@TheGamerEducator on Instagram has some great tips on managing screen time and behaviour. Their biggest recommendation around screens is to make it consistent and routine. This can mean making screen time available at a consistent time on certain days of the week. They explain that when we make screen time conditional or contingent on other things like behaviour, we risk turning it into a reward. When we do that, we are incentivising the desired outcome with the promise of screens. This puts screen time on a pedestal and makes it like a prize, but it also reduces children’s intrinsic motivation to do what they need to do, like homework, chores, or even exercise.  On the other hand, when screen time is not directly affected by or linked to a child’s choices or behaviour, we can separate these and focus on helping them to work on those choices and behaviours as an important part of their growth and development, not because these are triggered by screen time. We try to follow this recommendation in our home by restricting our children’s screen time during the school week and only allowing them to use screens for entertainment and relaxation (gaming and watching videos) on Friday evenings and Saturdays. So far, this strategy has worked well in our family.

9. Cultivate self-awareness and self-control in children. 

Open and honest communication with our children about screen time is important. Try to share the rationale of certain screen time rules with children so that they can develop a more balanced approach to technology. Explain that you are doing it because you love and want to protect them. Talk to them about the consequences of consuming harmful content. Show them how to discern between good and harmful content. As they grow older, it will become harder to monitor our children constantly, so it is important that you also give them space to develop self-awareness, self-control, and their own set of values to make the right decisions and regulate their own screen time content and consumption. We know of some families that have even let their children experience what unlimited screen time is like to teach them an important lesson, similar to the social experiment that this family embarked on.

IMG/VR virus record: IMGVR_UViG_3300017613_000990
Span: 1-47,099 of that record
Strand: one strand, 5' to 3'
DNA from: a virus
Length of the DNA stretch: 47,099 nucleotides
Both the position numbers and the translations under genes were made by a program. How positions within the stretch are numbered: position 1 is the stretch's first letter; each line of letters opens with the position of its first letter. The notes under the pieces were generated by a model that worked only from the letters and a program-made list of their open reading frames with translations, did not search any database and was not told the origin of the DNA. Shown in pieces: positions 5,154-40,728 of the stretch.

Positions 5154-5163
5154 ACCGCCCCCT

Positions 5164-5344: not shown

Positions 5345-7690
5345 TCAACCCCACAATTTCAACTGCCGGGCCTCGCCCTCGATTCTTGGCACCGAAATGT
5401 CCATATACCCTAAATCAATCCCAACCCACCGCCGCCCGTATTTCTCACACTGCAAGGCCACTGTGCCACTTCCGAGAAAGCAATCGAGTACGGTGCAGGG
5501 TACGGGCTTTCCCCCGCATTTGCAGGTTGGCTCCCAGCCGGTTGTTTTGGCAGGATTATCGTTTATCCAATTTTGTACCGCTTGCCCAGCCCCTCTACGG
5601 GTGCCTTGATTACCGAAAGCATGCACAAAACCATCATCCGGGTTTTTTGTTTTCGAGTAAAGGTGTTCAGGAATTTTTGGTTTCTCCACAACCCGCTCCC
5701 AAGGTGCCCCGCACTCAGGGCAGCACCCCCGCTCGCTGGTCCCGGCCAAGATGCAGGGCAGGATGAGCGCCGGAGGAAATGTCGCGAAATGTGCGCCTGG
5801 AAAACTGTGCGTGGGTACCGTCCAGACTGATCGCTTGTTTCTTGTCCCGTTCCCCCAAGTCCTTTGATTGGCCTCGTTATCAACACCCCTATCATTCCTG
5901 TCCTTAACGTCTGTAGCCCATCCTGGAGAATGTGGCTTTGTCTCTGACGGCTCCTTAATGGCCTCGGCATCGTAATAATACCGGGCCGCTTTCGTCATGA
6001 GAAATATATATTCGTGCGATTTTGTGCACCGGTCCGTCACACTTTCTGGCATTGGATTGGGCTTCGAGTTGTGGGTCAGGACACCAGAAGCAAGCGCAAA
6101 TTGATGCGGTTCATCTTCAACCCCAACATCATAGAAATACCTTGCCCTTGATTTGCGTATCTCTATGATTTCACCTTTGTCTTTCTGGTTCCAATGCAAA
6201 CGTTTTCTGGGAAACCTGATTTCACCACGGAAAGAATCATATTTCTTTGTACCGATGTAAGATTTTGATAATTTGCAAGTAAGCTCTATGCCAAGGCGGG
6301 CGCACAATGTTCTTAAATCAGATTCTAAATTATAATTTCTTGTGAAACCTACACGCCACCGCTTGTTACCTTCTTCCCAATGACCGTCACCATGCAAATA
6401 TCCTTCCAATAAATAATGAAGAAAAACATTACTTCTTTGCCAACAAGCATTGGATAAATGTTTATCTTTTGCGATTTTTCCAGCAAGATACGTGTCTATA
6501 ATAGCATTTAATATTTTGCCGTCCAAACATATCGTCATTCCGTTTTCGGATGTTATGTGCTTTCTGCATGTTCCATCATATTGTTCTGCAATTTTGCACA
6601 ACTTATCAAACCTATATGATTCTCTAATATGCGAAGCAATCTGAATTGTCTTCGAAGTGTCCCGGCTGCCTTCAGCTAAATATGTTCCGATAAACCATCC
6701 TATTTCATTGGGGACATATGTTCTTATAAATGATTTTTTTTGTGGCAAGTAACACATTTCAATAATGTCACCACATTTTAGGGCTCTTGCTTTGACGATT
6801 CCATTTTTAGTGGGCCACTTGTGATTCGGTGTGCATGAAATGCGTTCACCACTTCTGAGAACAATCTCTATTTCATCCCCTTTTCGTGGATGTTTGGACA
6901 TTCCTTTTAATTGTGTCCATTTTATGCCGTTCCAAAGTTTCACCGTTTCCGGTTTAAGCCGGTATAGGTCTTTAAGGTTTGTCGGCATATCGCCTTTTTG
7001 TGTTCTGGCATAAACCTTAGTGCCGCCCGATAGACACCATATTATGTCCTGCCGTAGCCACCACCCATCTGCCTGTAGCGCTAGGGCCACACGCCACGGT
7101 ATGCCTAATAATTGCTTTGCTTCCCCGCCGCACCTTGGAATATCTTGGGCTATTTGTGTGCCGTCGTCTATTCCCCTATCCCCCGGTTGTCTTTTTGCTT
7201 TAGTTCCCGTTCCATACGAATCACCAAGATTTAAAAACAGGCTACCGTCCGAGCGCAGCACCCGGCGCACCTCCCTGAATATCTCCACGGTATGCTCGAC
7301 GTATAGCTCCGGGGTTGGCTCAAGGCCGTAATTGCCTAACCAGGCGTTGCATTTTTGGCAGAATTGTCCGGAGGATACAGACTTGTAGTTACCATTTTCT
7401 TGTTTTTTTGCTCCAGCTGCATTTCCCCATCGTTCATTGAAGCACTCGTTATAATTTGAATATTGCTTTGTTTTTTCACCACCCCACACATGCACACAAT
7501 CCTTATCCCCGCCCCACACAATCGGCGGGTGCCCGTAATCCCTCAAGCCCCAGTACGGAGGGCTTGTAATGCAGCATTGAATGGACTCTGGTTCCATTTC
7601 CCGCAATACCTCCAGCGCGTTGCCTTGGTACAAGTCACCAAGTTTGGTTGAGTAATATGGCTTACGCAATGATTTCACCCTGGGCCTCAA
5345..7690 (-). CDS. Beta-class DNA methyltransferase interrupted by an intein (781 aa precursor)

10. Emphasise creativity over consumption.

We have sent our children for coding classes with providers like CodeJuniors so that they can have fun learning about how the games they enjoy playing are made. These classes show our children how making games requires creativity and innovative ideas. These classes help our children move away from just being mindless game consumers to mindful creators who can appreciate the games they play even more.

11. Also share the best of the Internet with children.

Guide children to explore what is good about the Internet that can boost their knowledge as well as encourage their resourcefulness and creativity. For example, Google Classroom provides opportunities for students to communicate and collaborate. Encourage them to visit sites like TED-Ed and Khan AcademyWe have also always preferred and liked strategy-based games like Minecraft over other gaming platforms, as it teaches children how to manage a finite amount of resources at any given time and to make good decisions on how to use these in the most effective manner.

12. Show children that screen time does not have to be sedentary. 

According to this Australian article, screens are not necessarily the enemy of exercise. Online content that involves music and dance can get children moving. Digital games like Nintendo Switch’s Sports and augmented reality apps like Pokémon Go also promote physical activity. Technology can also inspire off-screen physical activity. Watching a physical game show can encourage children to build similar obstacle courses at home. Many children also enjoy watching videos of themselves being active and may be willing to repeatedly ride a bike down a path, demonstrate their skills on the monkey bars, shoot a basketball, or do a K-Pop dance when being filmed. Map-related apps can also add an extra dimension to your family’s Sunday morning walk. Spend some time each day talking face-to-face with your children and giving them your full attention. Putting down the phone and taking a walk or playing outdoors as a family increases the happy endorphins in your brain, boosts your mood, and improves your physical health. This makchic.com article also offers some practical tips on how to sneak in some “exercise snacks” and physical movements into our largely digitally-driven days.

We can conclude that constant screen time in the classroom and at home creates passive students with little agency and initiative. Poorly supervised technology use does more harm than good. Device-free distractions like chatting with friends, doodling, or daydreaming are much better because at least they encourage children to connect and interact with other children and their own minds. The key is to find balance, complementing screen time control and management with thoughtful conversations with our children on how to use technology in more meaningful and moderate ways to help make our lives better.